• Thin skin. Despite being able to withstand colder weather, the grape features a thin outer skin. This is an important characteristic as it changes the way the resulting Cab Franc wine looks. The thin skin results in a finished wine that is more moderate in tannin and thus appears lighter in both body and color than a closely related red wine like Cabernet Sauvignon.
  • Packed with pyrazines. The Cabernet Franc grape is also packed with pyrazine, which is a heterocyclic aromatic organic compound that gives the wine a grassier, herbaceous aroma. This also contributes to the finished wine having a herby or peppery earthiness taste, as bell peppers and jalapeno peppers are likewise packed with pyrazines. 

Cabernet Franc Food Pairing: Which Foods?

Cabernet franc is a very popular lunch and dinner wine thanks to it offering the typical red wine boldness. Due to the thinner, lighter nature of the grapes, it is lighter than a lot of other red wines often suggested in food and wine pairing guides. Great meals to pair this wine with include:

Cheeses and Cheese-Heavy Foods Like Lasagna

Cabernet Franc goes beautifully with cheeses both when you’re doing something like a cheese-heavy charcuterie plate and when making a more cheese-based dish like  a spinach and cheese quince or lasagna.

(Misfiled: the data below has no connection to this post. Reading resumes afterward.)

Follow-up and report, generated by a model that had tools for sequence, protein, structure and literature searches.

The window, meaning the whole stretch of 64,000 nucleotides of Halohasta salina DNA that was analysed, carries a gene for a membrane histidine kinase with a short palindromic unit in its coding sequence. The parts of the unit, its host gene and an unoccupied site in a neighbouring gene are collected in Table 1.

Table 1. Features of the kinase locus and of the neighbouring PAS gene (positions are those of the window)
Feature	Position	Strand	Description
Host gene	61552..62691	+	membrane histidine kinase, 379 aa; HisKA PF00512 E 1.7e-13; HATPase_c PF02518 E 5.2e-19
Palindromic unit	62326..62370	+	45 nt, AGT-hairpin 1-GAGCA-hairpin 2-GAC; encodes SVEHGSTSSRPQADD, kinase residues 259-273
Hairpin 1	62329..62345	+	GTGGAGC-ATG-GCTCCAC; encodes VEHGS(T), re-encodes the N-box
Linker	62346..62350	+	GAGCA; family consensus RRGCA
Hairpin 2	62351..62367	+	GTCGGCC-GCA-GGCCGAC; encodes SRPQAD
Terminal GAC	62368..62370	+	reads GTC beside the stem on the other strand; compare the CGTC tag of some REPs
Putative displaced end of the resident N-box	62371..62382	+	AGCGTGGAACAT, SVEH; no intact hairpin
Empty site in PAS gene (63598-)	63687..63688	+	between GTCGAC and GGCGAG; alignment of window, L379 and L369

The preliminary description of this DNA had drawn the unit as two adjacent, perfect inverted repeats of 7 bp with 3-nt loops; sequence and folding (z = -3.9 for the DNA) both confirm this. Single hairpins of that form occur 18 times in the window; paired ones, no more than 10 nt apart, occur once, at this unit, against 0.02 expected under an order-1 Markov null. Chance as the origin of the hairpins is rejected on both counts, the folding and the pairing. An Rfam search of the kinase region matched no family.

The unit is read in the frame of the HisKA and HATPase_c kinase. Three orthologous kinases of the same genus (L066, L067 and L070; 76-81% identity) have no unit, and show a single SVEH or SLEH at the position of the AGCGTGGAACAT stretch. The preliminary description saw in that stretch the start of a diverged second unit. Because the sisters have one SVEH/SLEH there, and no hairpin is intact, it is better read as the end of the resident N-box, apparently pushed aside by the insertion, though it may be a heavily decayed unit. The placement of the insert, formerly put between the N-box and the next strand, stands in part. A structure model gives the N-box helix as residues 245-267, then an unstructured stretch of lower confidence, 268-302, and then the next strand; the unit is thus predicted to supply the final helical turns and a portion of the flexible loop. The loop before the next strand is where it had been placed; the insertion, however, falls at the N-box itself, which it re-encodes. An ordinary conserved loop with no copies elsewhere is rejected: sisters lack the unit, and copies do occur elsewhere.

Feta, goat cheese, and brie are particularly great cheese pairings with Cab Franc. This wine works so well with cheese because its high acidity and medium tannins perfectly complement the rich fattiness of most cheeses. 

Heavy Meat Dishes

That same complementing taste profile Cabernet Franc has with cheeses is likewise the same reason this wine goes so well with rich and heavy meat dishes.

cabernet franc food pairing: heavy meat dishes
Photo by Paul Hanaoka on Unsplash

Beef stews and roasts, venison, pork belly, and Chicken Marsala all have a fatty profile that are nicely finished with a medium-bodied Cabernet Franc. That medium body ensures that you won’t feel overly sluggish after a big meal, while still enjoying the rich taste of a red wine.

Vegetarian Dishes

You might not think that a wine that’s recommended for heavy, fatty foods would be the same one recommended for lighter vegetarian fare, but it is true when it comes to Cabernet Franc food pairing — but for different reasons.

vegetarian food with cabernet franc

Remember that pyrazine characteristic? The pyrazines that give the Cabernet Franc its herby and peppery earthiness make it a perfect wine choice for pairing with vegetable-based dishes like a roasted or grilled eggplant dish, tomatoes stuffed with basil, and Brussels sprouts gratin. The earthiness and herb-like taste of the Cabernet Franc will accentuate and really bring out the tastes of those vegetables.

You might even choose a Cab Franc for meals that aren’t fully vegetarian, but still serve it whenever you want to really accentuate the taste and flavor of the roasted or grilled vegetable dishes you’ve included. 

Did you enjoy this article? Please share!

Leave a Reply

Your email address will not be published. Required fields are marked *

This site uses Akismet to reduce spam. Learn how your comment data is processed.

holiday dinner wine pairings

3 Foolproof Holiday Dinner Wine Pairings

malbec vs. merlot

Malbec vs. Merlot: the Main Differences